Thanks to BoingBoing.net 

Tor editor Theresa Neilsen Hayden has blogged a response to a story in the Wall Street Journal about the ‘winner-takes-all’ theory of publishing. The original story, about the expensive acquisition, publication and marketing of a novel that subsequently failed to live up to expectations, compares the current state of publishing to the Hollywood box office, where the blockbusters are the only thing that anyone cares about.

Neilsen Hayden, an expert on fiction publishing, points out that while bestsellers are great for their money-making ability, bookstores are also filled with what she calls ‘okaysellers’. These are the books that don’t have the massive marketing campaigns and pyramids in the front of the store, but people hear about them from friends, or liked the author’s last book. And no-one reads only bestsellers.

Read a follow-up to the original post here.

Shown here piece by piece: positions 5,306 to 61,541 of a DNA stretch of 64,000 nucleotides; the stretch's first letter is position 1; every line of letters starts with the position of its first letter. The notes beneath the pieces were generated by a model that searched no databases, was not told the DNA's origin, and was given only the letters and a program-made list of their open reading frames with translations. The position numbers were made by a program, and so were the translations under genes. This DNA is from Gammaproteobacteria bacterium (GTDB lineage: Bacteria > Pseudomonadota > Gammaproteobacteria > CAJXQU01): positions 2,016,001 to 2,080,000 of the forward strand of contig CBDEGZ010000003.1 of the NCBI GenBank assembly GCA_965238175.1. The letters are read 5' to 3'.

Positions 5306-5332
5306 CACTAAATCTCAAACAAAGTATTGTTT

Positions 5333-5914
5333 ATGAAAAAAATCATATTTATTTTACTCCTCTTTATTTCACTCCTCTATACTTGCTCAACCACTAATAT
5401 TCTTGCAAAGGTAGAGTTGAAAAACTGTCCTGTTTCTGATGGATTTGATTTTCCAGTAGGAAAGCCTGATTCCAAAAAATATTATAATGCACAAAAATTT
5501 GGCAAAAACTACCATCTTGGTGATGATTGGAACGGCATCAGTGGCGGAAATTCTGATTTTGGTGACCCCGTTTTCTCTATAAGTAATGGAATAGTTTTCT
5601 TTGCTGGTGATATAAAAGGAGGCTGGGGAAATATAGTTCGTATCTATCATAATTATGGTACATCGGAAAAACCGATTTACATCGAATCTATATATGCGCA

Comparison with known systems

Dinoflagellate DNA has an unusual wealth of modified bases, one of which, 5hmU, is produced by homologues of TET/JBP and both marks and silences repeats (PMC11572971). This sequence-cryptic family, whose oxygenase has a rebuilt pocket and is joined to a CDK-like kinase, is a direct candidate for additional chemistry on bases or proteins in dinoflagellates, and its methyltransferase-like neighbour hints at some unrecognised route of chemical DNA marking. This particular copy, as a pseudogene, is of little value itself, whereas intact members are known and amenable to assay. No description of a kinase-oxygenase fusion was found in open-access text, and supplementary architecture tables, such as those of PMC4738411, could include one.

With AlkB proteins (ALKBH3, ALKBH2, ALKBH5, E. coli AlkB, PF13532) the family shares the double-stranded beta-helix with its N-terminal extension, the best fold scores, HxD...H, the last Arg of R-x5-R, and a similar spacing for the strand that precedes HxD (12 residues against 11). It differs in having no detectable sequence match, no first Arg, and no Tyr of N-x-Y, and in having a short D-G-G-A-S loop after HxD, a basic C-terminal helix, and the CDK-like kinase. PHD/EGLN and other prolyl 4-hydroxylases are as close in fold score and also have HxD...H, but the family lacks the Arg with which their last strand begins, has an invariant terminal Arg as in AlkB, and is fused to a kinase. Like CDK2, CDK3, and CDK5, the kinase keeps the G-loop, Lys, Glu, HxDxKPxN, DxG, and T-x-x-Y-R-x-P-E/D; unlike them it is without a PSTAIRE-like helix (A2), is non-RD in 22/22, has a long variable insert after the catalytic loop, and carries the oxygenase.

The Australian Writer’s Marketplace is Australia and New Zealand’s only guide to the writing industry. While providing submission and contact details for the print media and publishing industry.

One Response to “News: Myths of the Bestsellers”

  1. Kate Eltham,

    This is a great common-sense response from publishing industry insiders. It is easy to get caught up in the “hit-driven” culture of entertainment media – books, films and music – especially in the light of record-breaking successes like Harry Potter and The Davinci Code. In reality, as with films and music, these runaway successes are the exception rather than the rule.

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